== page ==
A New Approach: Marketing Made for Wearables

John Foley, Jr.
Posted on in Inspiration

Mobile advertising is an exploding industry and should surpass non-mobile ads (like on desktop websites) by 2020, according to Business Insider. Our phones go with us everywhere, and there isn’t a place outside the most remote corners of the Earth that doesn’t get a signal. Even airlines have made Wi-Fi standard in the last few years.

But the term “mobile” is being redefined with the emergence of the smartwatch, and it’s a different beast than the smartphone. Marketers and developers are scrambling to understand how we use this relatively new device and the opportunities to reach new audiences the smartphone never could.

What Gives Smartwatches Potential?

Of all the technology we use, smartwatches have the smallest amount of real estate for any sort of advertising. So what makes these tiny screens prime for new marketing opportunities? If you look closely at these devices, the advantages to going wearable start to become more obvious:

- Devices like the Gear S are always connected to the network, even when the wearer is away from his or her phone (the Apple Watch does not do this, for example).
- Even when the phone is put away, a watch is always present and visible.
- Passive notifications, like a message or reminder, are more prevalent on smartwatches.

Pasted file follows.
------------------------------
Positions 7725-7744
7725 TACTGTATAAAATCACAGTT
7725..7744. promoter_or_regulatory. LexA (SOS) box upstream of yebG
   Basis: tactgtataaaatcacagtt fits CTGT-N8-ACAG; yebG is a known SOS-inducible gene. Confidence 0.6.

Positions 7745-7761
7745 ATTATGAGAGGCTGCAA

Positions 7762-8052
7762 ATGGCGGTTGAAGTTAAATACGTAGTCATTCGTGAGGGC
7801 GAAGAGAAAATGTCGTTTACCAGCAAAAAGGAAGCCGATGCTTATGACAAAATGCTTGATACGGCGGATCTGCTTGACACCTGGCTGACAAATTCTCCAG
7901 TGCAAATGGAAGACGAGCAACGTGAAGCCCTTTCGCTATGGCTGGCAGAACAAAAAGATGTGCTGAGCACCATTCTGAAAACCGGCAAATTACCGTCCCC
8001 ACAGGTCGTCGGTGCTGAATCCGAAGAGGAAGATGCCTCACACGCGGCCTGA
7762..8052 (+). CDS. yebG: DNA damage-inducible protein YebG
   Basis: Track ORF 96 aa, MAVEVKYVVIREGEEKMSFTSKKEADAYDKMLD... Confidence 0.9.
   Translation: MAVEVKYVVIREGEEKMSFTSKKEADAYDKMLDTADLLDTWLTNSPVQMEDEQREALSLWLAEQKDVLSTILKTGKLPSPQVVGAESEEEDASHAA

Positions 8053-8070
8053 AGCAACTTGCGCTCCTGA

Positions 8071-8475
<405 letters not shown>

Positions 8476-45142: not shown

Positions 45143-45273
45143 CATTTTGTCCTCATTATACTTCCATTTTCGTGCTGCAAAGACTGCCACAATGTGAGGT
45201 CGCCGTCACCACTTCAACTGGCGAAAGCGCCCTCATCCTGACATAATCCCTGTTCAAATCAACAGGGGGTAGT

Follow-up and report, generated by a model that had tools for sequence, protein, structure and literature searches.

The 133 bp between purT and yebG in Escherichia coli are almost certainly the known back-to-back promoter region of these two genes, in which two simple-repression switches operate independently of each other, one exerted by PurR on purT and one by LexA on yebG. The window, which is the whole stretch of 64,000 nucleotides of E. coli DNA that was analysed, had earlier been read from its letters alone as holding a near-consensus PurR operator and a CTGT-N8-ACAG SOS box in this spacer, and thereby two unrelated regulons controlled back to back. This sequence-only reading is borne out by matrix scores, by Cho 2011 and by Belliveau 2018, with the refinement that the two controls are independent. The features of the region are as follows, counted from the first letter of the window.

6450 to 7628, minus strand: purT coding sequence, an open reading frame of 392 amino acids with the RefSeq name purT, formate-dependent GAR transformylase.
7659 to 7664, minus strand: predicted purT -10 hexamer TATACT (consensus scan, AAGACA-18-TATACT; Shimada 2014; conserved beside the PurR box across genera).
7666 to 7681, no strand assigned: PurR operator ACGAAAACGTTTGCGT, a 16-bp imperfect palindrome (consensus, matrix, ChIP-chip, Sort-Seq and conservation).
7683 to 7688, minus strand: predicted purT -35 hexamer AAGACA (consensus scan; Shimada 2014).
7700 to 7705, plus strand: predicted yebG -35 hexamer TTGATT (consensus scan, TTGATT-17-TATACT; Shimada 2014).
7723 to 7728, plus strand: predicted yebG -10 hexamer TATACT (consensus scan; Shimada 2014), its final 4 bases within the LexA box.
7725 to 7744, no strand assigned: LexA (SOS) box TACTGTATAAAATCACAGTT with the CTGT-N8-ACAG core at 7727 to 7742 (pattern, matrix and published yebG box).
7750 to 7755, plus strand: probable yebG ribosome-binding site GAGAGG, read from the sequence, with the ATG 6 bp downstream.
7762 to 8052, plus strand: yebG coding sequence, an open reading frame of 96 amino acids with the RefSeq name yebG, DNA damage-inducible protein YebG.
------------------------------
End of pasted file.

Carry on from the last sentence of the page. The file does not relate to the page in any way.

- In time, smartwatches could be more affordable than smartphones.
- According to a study by Gartner, 50 percent of people polled said they would buy a smartwatch over a fitness tracking band like FitBit.

What Are the Biggest Opportunities?

What would advertising on the smartwatch look like? This concept didn’t really take off until the Apple Watch launched earlier this year, so marketers are still discovering areas where they can penetrate a new audience. Consider some of the following opportunities:
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- Hands-free Google Now and Siri give SEO marketers a new chance to leap ahead of competitors based on the way users speak versus the way they type.
- Sleep tracking uses the accelerometer to track how much wearers move in their sleep. Companies who specialize in sleep hardware (anything from beds to accessories) and software could find this data useful.
- The smartwatch could become a common home control device. So, for example, a company that makes garage doors could make a useful app to open them via a smartwatch.
- Smartphones already hold mobile tickets, like an airline boarding pass, but the convenience of a screen on the wrist will only move this trend forward. Anything from airlines to concerts could use the smartwatch to get passengers and guests through the gate.
- Chromecast/Apple TV integration will be huge now that both TV set devices are open to third-party apps. This gives developers the opportunity to connect the smartwatch and TV in any way they can imagine.
- Navigation on a smartphone can be dangerous on the road because it’s distracting when behind the wheel, but the smartwatch is a much more passive way to navigate the roads.

What Are the Next Steps?

While app developers are hard at work to crank out new programs for both the smartwatch and smartphone OS, the full potential isn’t even close to being unlocked. There is some serious innovation happening in smartwatches, but developers aren’t seeing much return in ad revenue just yet. One thing is for sure: the more this market grows, the more marketers will know where their bread and butter lives.

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